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Multiple cryptic species of sympatric generalists within the avian blood parasite Haemoproteus majoris

Author:
  • E. Nilsson
  • H. Taubert
  • O. Hellgren
  • X. Huang
  • V. Palinauskas
  • M. Y. Markovets
  • G. Valkiūnas
  • S. Bensch
Publishing year: 2016-09-01
Language: English
Pages: 1812-1826
Publication/Series: Journal of evolutionary biology
Volume: 29
Issue: 9
Document type: Journal article
Publisher: John Wiley & Sons

Abstract english

The avian haemosporidian parasite Haemoproteus majoris has been reported to infect a wide range of passerine birds throughout the Holarctic ecozone. Five cytochrome b (cyt b) lineages have been described as belonging to the morphological species H. majoris, and these form a tight phylogenetic cluster together with 13 undescribed lineages that differ from each other by < 1.2% in sequence divergence. Records in a database (MalAvi) that contains global findings of haemosporidian lineages generated by universal primers suggest that these lineages vary substantially in host distribution. We confirm this pattern in a data set collected at Lake Kvismaren, Sweden, where three of the generalist lineages have local transmission. However, whether these lineages represent intraspecific mitochondrial diversity or clusters of cryptic species has previously not been examined. In this study, we developed novel molecular markers to amplify the partial segments of four nuclear genes to determine the level of genetic diversity and gene phylogenies among the five morphologically described cyt b lineages of H. majoris. All five cyt b lineages were strongly associated with unique nuclear alleles at all four nuclear loci, indicating that each mitochondrial lineage represents a distinct biological species. Within lineages, there was no apparent association between nuclear alleles and host species, indicating that they form genetically unstructured populations across multiple host species.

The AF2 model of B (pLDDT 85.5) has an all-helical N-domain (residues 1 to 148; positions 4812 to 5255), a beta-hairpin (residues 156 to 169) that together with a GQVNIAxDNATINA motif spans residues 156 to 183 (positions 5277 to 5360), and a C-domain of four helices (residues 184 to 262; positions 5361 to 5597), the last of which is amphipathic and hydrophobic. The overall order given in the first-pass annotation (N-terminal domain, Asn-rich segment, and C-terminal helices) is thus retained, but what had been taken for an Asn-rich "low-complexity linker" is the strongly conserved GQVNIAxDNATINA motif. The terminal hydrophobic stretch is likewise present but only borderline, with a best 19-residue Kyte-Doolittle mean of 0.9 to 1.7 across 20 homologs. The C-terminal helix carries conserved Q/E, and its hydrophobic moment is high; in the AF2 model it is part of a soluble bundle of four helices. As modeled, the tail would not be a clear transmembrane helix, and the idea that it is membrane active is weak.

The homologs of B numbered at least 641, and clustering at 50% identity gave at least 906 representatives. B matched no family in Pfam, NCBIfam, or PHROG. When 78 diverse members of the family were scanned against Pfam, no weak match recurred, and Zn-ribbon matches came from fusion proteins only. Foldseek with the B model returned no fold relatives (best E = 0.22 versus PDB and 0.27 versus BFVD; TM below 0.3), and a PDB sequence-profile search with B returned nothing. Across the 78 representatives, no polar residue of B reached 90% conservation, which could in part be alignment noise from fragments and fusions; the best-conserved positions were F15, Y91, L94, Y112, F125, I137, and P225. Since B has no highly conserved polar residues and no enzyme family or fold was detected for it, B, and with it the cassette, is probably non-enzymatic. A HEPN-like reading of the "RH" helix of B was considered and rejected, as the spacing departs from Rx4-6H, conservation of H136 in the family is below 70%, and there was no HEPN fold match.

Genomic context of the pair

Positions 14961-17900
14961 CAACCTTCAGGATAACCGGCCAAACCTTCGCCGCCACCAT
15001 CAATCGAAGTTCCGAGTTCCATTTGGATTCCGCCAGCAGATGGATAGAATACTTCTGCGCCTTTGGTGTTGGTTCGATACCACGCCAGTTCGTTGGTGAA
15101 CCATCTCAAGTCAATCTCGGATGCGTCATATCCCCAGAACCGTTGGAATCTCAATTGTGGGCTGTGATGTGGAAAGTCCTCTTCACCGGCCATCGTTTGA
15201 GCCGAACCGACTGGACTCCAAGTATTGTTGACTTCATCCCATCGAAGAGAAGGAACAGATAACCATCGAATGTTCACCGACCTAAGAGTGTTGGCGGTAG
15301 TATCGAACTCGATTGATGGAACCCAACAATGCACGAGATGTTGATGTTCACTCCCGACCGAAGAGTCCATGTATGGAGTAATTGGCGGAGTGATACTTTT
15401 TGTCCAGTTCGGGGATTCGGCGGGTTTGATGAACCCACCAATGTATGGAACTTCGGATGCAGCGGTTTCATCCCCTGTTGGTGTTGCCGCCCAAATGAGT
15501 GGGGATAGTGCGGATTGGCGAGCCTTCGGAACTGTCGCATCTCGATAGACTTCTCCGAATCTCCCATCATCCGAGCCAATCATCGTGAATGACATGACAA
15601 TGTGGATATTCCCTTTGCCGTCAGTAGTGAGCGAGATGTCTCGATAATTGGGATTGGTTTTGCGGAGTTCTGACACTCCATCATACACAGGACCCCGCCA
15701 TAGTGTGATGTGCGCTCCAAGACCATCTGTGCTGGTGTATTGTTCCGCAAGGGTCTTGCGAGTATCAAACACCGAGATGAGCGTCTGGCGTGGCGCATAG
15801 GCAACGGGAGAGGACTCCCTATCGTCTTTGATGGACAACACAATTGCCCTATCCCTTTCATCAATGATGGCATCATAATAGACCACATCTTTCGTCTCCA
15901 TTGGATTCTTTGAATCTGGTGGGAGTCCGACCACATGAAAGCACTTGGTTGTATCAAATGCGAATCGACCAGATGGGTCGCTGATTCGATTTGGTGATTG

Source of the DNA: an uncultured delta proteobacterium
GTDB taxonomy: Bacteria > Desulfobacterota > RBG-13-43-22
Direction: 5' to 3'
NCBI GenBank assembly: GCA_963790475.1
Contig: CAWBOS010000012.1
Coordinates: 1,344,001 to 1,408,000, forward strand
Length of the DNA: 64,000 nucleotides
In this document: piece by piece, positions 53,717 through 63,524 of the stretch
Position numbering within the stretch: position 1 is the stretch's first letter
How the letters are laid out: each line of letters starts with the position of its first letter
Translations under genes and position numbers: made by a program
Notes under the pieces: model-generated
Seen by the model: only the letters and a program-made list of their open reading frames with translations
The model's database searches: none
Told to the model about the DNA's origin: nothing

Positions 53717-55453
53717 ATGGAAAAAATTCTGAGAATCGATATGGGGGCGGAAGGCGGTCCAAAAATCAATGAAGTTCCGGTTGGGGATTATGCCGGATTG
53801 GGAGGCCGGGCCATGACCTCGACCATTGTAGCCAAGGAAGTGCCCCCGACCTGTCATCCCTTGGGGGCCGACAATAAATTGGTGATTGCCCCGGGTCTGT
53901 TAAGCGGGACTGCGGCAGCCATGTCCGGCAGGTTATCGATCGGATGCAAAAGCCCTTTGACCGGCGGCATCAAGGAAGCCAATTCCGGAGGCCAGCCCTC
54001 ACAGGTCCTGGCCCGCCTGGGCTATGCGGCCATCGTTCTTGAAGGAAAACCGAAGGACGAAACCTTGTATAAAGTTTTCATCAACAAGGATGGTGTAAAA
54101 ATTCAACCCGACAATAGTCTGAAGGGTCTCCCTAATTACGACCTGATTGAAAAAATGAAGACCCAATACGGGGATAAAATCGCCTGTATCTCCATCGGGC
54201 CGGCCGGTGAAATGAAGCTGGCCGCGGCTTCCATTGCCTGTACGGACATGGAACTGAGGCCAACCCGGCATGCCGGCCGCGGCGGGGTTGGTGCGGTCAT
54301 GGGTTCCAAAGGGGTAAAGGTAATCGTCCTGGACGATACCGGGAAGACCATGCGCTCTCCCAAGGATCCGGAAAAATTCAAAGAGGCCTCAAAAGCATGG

Keywords

  • Evolutionary Biology
  • Cytochrome b lineages
  • Genetic diversity
  • Haemosporidian parasites
  • Host range
  • Host specificity

Other

Published
  • Malaria in birds
  • Molecular Ecology and Evolution Lab
  • ISSN: 1010-061X
Staffan Bensch
E-mail: staffan [dot] bensch [at] biol [dot] lu [dot] se

Professor

MEMEG

+46 46 222 42 92

E-C213

Sölvegatan 37, Lund

50

Head of unit

MEMEG

+46 46 222 42 92

E-C213

Sölvegatan 37, Lund

50

Research group

Molecular Ecology and Evolution Lab

Projects

Doctoral students and postdocs

PhD students, main supervisor

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